In knitted garments ridges that occur in the knitting are referred to as "ladders." They can occur when you are knitting on the round, both when you are using a round needle and when you are using four double pointed needles. This is a very common problem that even the most experienced of knitters encounter. The ladders occur in the places where the two ends of the needles come together. If you are knitting socks, you could have four ladders extending the length of the sock and when knitting a larger garment, such as a sweater on a round needle, you will have one ladder at the point where the needles meet in the work.
The tension of the work is not of the same consistency at the meeting point of the ends of the needles. This is what causes the problem of ladders to occur. Although it looks like you have dropped a stitch all the way through, there is no dropped stitch. It appears that way because of the loose tension when you begin each round of knitting.
The problem of ladders is more noticeable when you are using four double pointed needles, using three to hold the knitting stitches and a fourth to work the rounds. This happens because there the three holding needles give the work the look of a triangle instead of a circle. Because there is such a stretch between the last stitch on one needle and the first stitch on another, the work is at a steep angle and the wool is carried across a much wider space at this point that when all the stitches are on the same needle. It is often harder to knit the first two or three stitches of each needle than it is to knit the remaining stitches to the end of the needle.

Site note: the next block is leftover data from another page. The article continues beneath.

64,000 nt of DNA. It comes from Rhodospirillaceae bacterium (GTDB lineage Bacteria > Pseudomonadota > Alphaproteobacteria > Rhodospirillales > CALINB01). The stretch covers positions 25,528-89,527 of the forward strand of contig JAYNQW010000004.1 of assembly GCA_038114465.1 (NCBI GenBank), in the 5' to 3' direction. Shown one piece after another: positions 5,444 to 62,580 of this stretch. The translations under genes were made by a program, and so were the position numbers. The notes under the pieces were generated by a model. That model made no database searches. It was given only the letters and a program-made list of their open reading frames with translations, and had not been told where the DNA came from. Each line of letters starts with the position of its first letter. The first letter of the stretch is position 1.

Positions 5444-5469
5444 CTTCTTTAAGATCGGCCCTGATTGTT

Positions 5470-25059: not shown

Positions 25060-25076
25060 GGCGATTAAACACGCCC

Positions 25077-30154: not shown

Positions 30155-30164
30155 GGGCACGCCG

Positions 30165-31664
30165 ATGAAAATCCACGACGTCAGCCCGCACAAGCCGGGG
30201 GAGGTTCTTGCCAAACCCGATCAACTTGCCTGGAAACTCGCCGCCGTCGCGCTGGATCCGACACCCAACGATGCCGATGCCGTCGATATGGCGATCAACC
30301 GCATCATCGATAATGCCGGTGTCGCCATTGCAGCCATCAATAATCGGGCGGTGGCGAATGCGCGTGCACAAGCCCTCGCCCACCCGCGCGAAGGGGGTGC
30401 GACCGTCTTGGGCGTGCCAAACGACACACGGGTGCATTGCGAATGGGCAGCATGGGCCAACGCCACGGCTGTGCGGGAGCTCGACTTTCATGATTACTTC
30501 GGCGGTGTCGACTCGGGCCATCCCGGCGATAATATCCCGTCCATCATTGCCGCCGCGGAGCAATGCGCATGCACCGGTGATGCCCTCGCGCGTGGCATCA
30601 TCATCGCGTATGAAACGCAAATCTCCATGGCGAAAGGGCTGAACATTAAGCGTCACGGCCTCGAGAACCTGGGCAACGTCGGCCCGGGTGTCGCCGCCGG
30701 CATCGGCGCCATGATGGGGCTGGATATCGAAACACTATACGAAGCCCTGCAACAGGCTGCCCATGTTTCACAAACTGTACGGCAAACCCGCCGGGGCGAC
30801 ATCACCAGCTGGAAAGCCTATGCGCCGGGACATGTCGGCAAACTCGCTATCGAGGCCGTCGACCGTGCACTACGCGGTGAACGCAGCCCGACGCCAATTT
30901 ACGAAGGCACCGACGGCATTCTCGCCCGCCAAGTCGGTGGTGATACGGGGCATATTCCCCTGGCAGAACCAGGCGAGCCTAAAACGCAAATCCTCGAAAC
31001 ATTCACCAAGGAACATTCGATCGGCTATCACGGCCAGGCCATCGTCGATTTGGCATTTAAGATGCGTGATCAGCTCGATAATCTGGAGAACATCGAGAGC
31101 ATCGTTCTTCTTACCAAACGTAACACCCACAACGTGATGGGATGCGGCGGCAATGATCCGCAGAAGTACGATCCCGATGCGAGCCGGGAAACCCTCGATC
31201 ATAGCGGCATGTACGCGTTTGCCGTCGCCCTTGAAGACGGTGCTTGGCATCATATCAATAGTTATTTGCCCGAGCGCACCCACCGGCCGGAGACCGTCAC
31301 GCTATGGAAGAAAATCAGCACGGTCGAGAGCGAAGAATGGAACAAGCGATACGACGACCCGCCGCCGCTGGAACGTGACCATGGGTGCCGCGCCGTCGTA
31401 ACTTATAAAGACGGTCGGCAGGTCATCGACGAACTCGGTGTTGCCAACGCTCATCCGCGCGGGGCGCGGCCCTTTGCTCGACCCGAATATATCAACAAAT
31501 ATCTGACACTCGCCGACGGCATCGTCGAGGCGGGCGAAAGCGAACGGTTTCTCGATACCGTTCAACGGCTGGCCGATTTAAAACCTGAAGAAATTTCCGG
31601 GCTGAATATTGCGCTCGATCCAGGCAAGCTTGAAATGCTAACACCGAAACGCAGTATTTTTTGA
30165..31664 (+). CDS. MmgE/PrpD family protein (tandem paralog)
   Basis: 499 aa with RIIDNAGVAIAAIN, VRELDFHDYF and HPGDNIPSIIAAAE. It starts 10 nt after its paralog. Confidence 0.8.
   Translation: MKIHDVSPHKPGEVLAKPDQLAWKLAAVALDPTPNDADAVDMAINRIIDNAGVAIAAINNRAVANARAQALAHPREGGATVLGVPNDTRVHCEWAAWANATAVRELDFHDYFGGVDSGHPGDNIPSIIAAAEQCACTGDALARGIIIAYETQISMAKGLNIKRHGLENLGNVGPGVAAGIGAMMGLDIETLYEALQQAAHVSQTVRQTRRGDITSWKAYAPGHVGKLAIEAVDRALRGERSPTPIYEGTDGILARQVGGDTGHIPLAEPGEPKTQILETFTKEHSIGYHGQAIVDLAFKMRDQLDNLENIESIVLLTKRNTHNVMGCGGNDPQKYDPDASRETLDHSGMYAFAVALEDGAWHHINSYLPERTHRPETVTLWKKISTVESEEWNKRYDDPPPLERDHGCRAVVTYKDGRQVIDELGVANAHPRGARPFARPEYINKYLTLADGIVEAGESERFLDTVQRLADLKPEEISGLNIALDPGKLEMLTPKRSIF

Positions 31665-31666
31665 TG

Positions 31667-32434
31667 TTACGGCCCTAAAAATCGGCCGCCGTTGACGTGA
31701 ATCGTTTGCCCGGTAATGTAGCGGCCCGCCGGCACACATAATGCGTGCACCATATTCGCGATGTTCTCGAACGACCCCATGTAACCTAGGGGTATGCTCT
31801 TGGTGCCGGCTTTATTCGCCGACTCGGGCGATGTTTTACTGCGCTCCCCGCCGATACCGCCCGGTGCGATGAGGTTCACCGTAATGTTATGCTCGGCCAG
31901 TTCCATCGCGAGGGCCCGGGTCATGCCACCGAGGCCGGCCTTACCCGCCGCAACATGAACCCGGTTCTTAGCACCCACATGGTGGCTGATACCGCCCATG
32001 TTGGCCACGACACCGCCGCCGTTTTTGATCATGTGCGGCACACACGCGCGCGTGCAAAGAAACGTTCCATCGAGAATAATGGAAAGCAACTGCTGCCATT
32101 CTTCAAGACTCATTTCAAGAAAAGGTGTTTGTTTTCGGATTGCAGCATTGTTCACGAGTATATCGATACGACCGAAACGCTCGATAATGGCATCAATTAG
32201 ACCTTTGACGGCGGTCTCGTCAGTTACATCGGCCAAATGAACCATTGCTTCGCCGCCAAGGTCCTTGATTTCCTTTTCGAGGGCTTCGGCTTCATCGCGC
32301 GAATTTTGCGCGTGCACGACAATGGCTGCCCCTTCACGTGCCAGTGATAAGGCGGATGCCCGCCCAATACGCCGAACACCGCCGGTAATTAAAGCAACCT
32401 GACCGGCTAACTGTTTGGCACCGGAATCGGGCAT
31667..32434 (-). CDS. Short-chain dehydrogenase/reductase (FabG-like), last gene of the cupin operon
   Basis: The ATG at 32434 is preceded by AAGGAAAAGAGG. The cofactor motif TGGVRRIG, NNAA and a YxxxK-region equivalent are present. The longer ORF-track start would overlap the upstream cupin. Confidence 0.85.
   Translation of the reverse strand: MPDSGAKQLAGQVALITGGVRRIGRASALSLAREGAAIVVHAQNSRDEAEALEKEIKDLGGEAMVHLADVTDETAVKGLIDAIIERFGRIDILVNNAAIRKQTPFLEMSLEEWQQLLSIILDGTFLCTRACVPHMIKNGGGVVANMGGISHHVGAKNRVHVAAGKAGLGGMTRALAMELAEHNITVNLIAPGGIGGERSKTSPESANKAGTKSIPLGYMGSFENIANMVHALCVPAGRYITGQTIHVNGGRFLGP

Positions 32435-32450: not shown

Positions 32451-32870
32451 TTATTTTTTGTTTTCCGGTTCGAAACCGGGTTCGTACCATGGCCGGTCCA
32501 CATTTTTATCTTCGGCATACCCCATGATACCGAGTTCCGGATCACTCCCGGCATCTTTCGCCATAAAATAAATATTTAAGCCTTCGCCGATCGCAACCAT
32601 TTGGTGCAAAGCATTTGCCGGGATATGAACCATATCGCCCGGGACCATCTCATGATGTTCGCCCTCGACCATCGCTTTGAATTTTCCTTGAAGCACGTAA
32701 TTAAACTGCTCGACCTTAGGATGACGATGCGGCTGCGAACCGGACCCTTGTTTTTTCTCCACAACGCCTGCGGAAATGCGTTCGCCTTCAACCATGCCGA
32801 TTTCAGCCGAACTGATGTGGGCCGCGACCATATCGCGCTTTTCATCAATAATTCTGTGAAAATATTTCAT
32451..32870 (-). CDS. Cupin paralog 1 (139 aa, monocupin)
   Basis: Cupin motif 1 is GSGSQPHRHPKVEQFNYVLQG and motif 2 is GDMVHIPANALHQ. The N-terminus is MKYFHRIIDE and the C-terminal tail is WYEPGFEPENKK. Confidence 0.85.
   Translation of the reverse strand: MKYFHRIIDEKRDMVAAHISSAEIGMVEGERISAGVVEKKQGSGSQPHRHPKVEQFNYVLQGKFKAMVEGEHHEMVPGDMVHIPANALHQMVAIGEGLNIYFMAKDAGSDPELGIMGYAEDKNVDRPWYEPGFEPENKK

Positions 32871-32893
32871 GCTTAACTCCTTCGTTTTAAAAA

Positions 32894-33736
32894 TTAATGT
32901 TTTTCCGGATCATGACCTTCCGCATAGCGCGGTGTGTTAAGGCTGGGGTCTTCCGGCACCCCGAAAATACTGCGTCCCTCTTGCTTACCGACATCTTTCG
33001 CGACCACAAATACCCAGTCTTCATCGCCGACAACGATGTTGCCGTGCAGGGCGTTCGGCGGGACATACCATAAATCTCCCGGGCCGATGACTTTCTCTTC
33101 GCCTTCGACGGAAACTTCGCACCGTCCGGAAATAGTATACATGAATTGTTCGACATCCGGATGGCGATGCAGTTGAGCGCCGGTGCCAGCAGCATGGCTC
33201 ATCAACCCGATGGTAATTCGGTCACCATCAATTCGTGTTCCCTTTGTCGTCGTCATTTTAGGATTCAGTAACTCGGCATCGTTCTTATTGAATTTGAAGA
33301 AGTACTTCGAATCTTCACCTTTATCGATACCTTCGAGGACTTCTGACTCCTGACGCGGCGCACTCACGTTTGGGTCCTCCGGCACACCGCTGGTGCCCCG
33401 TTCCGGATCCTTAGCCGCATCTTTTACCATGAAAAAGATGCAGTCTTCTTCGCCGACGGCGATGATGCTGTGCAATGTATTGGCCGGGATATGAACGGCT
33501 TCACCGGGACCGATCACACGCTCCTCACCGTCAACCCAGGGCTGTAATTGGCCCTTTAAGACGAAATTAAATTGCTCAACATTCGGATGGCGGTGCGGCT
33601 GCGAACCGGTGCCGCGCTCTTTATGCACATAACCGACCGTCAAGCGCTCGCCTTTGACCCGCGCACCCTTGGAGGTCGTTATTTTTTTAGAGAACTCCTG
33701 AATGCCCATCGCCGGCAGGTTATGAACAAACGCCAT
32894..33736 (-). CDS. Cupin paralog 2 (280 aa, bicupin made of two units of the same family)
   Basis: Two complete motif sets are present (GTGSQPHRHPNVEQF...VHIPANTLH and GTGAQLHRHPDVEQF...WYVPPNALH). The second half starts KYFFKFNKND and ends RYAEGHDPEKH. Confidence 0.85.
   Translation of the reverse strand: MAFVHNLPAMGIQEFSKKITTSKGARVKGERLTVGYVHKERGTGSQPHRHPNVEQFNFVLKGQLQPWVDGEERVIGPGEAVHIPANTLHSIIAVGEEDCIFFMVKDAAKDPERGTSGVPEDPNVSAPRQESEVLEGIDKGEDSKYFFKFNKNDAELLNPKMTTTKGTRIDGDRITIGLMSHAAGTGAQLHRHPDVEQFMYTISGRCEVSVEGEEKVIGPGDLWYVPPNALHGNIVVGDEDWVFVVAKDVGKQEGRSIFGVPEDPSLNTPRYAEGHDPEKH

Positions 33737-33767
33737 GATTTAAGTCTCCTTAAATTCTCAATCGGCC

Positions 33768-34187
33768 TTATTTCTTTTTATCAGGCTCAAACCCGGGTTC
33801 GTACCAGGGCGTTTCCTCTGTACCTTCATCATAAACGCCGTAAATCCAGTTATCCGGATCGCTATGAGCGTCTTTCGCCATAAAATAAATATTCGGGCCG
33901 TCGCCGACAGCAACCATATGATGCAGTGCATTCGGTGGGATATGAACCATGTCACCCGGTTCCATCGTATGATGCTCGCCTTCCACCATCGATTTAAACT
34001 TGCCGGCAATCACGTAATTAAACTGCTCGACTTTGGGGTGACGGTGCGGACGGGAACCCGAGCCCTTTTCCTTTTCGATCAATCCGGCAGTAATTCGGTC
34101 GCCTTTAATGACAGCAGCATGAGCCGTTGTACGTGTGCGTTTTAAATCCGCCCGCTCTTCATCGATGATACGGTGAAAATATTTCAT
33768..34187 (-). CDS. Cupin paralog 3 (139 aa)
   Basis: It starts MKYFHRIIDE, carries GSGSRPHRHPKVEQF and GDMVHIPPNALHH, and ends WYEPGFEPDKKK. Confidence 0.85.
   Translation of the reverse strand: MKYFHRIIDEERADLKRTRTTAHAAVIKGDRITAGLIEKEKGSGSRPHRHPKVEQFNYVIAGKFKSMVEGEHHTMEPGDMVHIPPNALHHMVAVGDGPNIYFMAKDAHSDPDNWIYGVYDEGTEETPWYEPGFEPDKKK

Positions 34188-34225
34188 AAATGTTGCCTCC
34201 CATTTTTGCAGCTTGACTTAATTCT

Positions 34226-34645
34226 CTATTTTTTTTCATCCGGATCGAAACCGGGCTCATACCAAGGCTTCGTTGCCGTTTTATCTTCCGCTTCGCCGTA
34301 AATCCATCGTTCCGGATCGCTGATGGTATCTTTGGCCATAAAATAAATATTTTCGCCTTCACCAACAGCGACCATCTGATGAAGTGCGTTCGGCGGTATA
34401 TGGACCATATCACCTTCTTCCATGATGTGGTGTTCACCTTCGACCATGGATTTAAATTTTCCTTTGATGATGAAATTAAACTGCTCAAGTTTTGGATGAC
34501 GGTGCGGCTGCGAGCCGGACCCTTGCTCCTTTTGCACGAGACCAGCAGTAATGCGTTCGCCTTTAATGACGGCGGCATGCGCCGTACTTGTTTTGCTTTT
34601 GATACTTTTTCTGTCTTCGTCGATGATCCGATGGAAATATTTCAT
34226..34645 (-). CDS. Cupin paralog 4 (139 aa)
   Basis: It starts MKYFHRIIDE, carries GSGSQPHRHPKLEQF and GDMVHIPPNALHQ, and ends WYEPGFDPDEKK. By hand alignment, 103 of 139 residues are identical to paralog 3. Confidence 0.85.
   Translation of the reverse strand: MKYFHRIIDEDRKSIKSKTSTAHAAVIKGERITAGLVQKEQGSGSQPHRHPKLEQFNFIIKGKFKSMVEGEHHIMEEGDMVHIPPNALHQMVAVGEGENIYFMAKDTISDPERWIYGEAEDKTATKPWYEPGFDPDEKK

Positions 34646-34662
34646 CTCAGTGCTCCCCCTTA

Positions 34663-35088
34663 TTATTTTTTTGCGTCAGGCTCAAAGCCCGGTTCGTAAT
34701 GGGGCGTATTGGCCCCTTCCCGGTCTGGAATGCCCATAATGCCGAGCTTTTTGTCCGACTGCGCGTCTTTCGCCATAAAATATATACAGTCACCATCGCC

One tip for solving this problem is to use five needles for the project instead of four. If you divide the number of stitches on four needles and use the fifth one for knitting, there is not as much tension between the stitches at the ends of the needles and this will eliminate the problem of ladders. This is because these stitches will be closer together and therefore won't be as hard to knit because there will be less tension on them.
In some cases, knitters do not pull their wool tight enough when they change needles, which means that the first stitch on the needle is looser than the others. This leaves a loop at the beginning point of each needle in the round. Sometimes, knitters who do recognize that tension is the cause of ladders in the knitting pull the wool too tight when they start each needle and this results in ladders as well because the tension on the first stitch is too tight.
You can compensate for the difference in tension by knitting looser if you find that you are pulling the wool tight at the start of each round. You do have to think about your style of knitting because if you already knit loosely, you will have to pull the wool tighter to compensate for this.
Another way in which you can solve the problem of ladders in your knitted work is to change the point at which the two needles meet after a few rows. Since the work will be all in one piece when it is complete, you can easily do this by continuing to knit on the same needle for a few stitches each time to come to the end of a row. Use a small piece of wool of a different color wrapped around the needle to mark the beginning of the row.